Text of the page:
Watchfinder Case Study

How to identify leads coming from TV to understand the processes leading to a sale?

The problem

Watchfinder, one of the premier retailers specialising in premium watches, wanted to optimise their ad spending. As their products are high-value and can be seen as an investment, there generally isn’t an instant conversion. A customer will often have several engagements over different channels before deciding to buy. This makes attribution of sales a challenge as the spot prompting the first visit might be crucial in driving sales but cannot be easily linked to that sale. A way to identify individual visits generated by TV is needed so that a sale can be traced back to the first engagement.

The solution

Watchfinder contacted Adalyser to see whether there is a way to identify individual leads as coming from TV. At Adalyser we are working with machine learning to bring new insights to our clients alongside our tried and tested analytic models.

Machine learning is the approach of letting a computer “learn” by giving it data and the desired result and letting it find patterns in the data (link). We have a model that takes spot and lead information and tries to classify the lead as coming from TV or not.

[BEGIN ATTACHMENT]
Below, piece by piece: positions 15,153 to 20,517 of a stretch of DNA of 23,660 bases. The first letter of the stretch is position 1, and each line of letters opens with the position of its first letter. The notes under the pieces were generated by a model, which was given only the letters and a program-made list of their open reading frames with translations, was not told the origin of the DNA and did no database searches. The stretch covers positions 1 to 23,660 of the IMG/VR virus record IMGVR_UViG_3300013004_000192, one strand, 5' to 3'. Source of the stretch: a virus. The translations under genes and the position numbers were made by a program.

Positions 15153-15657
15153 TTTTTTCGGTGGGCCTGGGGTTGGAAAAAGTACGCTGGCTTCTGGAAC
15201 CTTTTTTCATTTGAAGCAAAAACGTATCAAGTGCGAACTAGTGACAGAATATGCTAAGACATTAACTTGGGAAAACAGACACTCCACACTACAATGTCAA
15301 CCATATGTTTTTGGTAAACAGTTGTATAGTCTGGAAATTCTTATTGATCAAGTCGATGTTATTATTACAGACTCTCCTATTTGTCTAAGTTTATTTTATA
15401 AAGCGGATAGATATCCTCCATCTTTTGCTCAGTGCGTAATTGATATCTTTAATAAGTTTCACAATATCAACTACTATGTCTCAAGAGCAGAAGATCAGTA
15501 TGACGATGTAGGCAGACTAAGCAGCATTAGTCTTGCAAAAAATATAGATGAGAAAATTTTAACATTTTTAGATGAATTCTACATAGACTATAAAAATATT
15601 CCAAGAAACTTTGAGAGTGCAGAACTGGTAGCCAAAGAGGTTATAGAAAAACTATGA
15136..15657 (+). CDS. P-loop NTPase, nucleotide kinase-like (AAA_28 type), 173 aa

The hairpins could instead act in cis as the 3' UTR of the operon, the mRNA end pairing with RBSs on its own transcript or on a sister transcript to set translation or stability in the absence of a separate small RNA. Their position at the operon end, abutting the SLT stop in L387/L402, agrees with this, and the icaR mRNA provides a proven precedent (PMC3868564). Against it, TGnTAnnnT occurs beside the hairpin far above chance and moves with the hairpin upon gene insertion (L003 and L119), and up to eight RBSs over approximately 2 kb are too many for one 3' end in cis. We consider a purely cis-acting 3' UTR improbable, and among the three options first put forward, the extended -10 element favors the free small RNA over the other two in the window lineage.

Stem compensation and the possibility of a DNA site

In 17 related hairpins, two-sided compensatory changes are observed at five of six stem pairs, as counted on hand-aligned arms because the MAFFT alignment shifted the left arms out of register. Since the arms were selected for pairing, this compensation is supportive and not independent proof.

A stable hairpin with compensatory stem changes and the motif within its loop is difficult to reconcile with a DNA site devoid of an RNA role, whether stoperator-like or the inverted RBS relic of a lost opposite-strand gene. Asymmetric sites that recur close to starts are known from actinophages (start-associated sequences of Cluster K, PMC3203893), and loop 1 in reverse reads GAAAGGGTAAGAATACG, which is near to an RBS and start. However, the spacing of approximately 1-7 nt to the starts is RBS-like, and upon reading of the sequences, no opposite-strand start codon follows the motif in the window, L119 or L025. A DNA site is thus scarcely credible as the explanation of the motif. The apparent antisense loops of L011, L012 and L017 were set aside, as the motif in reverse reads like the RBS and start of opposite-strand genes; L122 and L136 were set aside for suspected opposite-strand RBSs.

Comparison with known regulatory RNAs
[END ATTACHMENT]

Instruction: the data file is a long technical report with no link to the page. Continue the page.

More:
A natural question is what information is most important for the correct classification of a lead. In our current model, the time since the spot aired is the most important. This is not surprising as there is a well defined time-window in which direct responses from TV occur and is also used in our standard attribution models. The device used is the second most important indicator, followed closely by the source of the lead (i.e. direct, organic search, etc). The signal-to-noise ratio measures the ratio between the number of leads before and after a spot and is correlated with the impact of the spot. Finally, the operating system (OS) also provides a measurable improvement in the prediction accuracy of the algorithm.

How accurate can this model classify leads? It depends on the strength of the response driven by the TV spot. For spots which drive little traffic, the number of mis-classification raises. For that reason, this model is only applied to spots with a clear response curve. In those cases the accuracy is greater than 80% and for the largest impact spots can be in excess of 90%.

Using this trained model on the Watchfinder data allowed us to identify a large number of leads that have come from TV.

The result